STELLA Science Simulation Software.

Authors Avatar by shahrighani (student)

Simulations can be considered a variant of cognitive tools, for example they allow students to test hypothesis and more generally "what-if" scenarios. In addition, they can enable learners to ground cognitive understanding of their action in a situation. Simulation is a powerful tool for analyzing, designing, and operating complex systems. It enables you to test hypotheses without having to carry them out, saving you thousands, even hundreds of thousands of dollars. It is a cost-effective means of exploring new processes, without having to resort to pilot programs. Simulation provides a method for checking your understanding of the world around you and helps you produce better results faster. And it is an efficient communication tool, showing how an operation works while stimulating creative thinking about how it can be improved. Simulation is used in many contexts, such as simulation of technology for performance optimization, safety engineering, testing, training, education, and video games. Training simulators include flight simulators for training aircraft pilots to provide them with a lifelike experience. Simulation is also used with scientific modelling of natural systems or human systems to gain insight into their functioning. Simulation can be used to show the eventual real effects of alternative conditions and courses of action. Simulation is also used when the real system cannot be engaged, because it may not be accessible, or it may be dangerous or unacceptable to engage, or it is being designed but not yet built, or it may simply not exist. Simulation is extensively used for educational purposes. It is frequently used by way of adaptive hypermedia. Simulation is often used in the training of civilian and military personnel. This usually occurs when it is prohibitively expensive or simply too dangerous to allow trainees to use the real equipment in the real world. In such situations they will spend time learning valuable lessons in a "safe" virtual environment yet living a lifelike experience (or at least it is the goal). Often the convenience is to permit mistakes during training for a safety-critical system. For example in Smart School, teachers practice classroom management and teaching techniques on simulated students, which avoids "learning on the job" that can damage real students. Simulation can integrate into teaching and learning because Simulations support learning by allowing a pupil to explore phenomena and handle experiments which would not be feasible in school.  Teachers can also focusing attention on underlying concepts and relationships. Simulations offer idealised representations that limit the range of operating variables to good effect.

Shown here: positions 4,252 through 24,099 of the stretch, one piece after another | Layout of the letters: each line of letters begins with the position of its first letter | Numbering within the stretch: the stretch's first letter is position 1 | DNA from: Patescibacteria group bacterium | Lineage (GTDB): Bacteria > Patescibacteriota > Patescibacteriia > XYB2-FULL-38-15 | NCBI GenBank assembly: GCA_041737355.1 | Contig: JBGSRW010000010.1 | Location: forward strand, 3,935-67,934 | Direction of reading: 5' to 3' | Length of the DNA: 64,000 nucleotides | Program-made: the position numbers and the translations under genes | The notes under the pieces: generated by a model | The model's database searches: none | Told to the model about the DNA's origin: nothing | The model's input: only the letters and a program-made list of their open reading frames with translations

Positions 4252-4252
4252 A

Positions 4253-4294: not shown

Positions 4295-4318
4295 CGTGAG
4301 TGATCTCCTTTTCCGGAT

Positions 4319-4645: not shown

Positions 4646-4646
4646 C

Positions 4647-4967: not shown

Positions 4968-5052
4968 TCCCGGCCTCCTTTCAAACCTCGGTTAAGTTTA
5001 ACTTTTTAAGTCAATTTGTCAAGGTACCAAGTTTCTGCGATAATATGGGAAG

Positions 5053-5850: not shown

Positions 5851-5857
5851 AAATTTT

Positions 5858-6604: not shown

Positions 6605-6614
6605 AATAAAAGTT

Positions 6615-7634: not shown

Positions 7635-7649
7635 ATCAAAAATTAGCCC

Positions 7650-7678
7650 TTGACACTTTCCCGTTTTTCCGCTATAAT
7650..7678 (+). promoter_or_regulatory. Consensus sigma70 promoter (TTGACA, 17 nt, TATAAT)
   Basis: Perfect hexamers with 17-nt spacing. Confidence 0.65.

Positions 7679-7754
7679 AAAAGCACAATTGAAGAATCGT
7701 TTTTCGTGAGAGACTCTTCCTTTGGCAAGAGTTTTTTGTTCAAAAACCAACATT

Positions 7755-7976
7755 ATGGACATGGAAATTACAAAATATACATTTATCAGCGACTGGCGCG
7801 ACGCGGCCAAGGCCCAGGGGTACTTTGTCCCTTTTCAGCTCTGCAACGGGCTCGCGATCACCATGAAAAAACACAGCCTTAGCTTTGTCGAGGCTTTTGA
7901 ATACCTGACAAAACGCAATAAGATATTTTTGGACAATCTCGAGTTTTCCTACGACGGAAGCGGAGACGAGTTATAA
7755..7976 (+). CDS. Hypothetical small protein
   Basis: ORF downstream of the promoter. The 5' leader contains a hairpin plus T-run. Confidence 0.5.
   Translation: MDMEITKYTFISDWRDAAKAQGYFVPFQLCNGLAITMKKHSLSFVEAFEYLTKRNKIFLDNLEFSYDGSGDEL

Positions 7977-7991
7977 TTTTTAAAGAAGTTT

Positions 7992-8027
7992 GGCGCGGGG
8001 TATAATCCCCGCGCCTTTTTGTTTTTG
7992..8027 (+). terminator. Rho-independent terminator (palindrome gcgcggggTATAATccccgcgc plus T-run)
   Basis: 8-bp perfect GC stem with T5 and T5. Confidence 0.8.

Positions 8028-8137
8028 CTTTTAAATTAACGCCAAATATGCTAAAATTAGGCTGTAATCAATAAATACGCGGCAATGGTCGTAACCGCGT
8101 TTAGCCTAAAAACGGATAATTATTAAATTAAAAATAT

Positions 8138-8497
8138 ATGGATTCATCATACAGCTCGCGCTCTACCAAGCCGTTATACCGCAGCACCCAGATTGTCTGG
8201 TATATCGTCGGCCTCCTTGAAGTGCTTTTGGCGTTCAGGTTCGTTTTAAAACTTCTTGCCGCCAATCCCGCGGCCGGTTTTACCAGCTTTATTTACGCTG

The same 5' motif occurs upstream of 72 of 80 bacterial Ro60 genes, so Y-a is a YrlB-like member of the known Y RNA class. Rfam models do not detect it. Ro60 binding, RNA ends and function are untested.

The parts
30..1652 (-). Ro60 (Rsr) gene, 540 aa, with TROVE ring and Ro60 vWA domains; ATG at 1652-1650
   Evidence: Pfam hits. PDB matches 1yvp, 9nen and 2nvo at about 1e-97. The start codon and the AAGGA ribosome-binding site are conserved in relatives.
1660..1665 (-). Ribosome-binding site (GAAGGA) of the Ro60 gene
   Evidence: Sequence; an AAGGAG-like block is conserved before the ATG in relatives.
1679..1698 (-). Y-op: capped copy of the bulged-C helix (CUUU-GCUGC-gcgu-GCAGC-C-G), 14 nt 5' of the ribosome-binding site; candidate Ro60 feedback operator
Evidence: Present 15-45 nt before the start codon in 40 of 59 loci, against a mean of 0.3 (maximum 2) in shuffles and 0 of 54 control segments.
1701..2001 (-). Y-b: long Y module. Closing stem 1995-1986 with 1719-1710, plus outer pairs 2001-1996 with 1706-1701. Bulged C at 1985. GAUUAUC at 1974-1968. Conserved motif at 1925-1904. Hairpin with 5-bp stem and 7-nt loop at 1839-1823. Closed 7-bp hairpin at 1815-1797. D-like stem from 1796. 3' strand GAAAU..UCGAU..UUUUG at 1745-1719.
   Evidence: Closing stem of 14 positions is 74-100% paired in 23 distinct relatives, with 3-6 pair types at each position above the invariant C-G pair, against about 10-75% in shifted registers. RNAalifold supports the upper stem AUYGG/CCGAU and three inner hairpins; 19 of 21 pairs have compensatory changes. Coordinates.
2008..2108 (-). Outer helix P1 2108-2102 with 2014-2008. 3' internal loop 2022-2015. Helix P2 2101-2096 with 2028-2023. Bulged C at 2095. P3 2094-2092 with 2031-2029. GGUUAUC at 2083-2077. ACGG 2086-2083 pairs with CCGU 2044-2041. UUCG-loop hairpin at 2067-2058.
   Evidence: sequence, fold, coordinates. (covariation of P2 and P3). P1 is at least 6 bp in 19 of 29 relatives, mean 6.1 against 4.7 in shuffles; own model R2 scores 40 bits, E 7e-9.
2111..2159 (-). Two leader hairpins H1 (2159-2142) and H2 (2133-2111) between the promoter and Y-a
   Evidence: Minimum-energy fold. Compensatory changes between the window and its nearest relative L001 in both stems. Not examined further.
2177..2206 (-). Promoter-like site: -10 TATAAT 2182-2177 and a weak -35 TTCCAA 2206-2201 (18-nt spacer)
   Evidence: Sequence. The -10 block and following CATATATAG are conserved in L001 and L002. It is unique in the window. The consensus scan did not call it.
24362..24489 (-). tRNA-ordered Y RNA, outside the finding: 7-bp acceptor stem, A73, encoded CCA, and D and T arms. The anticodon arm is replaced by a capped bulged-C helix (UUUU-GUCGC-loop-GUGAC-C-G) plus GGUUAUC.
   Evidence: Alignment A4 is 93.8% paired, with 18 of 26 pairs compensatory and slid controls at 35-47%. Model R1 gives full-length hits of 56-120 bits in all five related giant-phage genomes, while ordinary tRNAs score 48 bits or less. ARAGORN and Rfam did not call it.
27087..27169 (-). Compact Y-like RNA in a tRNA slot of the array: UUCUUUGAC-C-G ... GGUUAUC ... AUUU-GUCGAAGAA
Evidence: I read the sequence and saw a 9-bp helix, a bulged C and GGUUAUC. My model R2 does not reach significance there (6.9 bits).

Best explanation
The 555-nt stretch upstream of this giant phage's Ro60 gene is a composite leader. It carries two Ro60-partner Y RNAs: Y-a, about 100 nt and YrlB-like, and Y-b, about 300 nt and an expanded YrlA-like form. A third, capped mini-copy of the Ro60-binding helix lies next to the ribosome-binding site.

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Modelling is about building representations of things in the ‘real world’ and allowing ideas to be investigated. It is central to all activities in the process for building or creating an artifact of some form or other. In effect, a model is a way of expressing a particular view of an identifiable system of some kind. Models are, in one respect, idealizations in the sense that they are less complicated than reality, they are simplifications of reality. The benefit arises from the fact that only the properties of the world relevant to the job in hand are represented. For ...

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For students learning about simulation this is a brilliant introduction for them (aside from being a good example of an finished piece of work) and I recommend that anyone studying Computing at A level has a read! Undoubtedly a five star piece of work. One or two minor errors aside this is very polished. It shows depth of research, learning on the part of the student and provides a professional appraisal of many aspects of simulation. The writing is "pacey" and very readable. it engages the reader who cannot fail to appreciate the role of simulation and be able to give some general and specific examples of where it can be used. Advantages are properly presented (although some more narrative on disadvantages would provide some balanced evaluation of simulation) and these are given objectively. The use of the STELLA package and the particular situation used to put the minutia of the principles of simulation into lay speak is effective and well considered. Overall an impressively research and objectively presented piece of work.